“After I wrote to you last year, I succeeded in getting my husband away from the detestable University. But he persisted in hanging about Germany, and conferring with moldy old doctors (whom he calls “Princes of Science”!) instead of returning to Paris, taking a handsome house, and making his way to the top of the tree with my help. I am the very woman to give brilliant parties, and to push my husband’s interests with powerful people of all degrees. No; I really must not dwell on it. When I think of what has happened since, it will drive me mad.

“Six weeks ago, a sort of medical congress was announced to be at the University. Something in the proposed discussion was to be made the subject of a prize-essay. The doctor’s professional interest in this matter decided him on trying for the prize — and the result is our return to the hateful old town and its society.

“Of course, my husband resumes his professional studies; of course, I am thrown once more among the dowdy gossiping women. But that is far from being the worst of it. Among the people in the School of Chemistry here, there is a new man, who entered the University shortly after we left it last year. This devil — it is the only right word for him — has bewitched my weak husband; and, for all I can see to the contrary, has ruined our prospects in life.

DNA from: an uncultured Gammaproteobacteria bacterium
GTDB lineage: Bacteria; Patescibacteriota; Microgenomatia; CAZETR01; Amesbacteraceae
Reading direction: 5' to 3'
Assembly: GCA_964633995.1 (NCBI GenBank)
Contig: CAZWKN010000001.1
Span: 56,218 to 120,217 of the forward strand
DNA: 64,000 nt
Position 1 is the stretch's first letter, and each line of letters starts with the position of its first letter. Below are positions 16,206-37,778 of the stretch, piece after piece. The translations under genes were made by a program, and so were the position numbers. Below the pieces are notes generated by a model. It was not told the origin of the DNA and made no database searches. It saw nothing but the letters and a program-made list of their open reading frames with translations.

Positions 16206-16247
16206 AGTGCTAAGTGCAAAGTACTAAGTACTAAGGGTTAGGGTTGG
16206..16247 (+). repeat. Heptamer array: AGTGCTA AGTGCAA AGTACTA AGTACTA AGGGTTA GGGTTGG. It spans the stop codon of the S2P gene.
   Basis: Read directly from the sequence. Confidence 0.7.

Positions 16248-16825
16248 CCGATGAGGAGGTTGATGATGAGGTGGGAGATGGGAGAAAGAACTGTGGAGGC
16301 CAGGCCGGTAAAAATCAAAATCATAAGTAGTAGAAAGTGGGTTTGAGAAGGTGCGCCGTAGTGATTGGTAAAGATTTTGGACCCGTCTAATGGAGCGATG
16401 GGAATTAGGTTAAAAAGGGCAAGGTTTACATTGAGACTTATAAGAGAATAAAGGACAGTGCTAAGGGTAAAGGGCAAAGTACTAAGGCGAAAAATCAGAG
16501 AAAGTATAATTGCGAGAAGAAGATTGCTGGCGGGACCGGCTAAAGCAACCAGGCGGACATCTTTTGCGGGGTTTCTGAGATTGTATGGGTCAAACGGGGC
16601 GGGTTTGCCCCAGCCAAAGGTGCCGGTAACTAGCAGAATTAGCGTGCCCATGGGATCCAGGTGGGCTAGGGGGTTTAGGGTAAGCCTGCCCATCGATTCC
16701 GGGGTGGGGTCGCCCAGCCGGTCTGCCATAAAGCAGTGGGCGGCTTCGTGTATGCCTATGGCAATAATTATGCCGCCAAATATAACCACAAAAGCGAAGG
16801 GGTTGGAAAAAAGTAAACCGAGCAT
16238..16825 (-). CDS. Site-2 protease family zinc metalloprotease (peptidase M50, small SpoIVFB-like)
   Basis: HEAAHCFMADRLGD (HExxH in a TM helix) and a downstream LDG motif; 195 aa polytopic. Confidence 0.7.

“He is a Hungarian. Small, dirty, lean as a skeleton, with hands like claws, eyes like a wild beast’s, and the most hideously false smile you ever saw in a human face. What his history is, nobody knows. The people at the medical school call him the most extraordinary experimental chemist living. His ideas astonish the Professors themselves. The students have named him ‘The new Paracelsus.’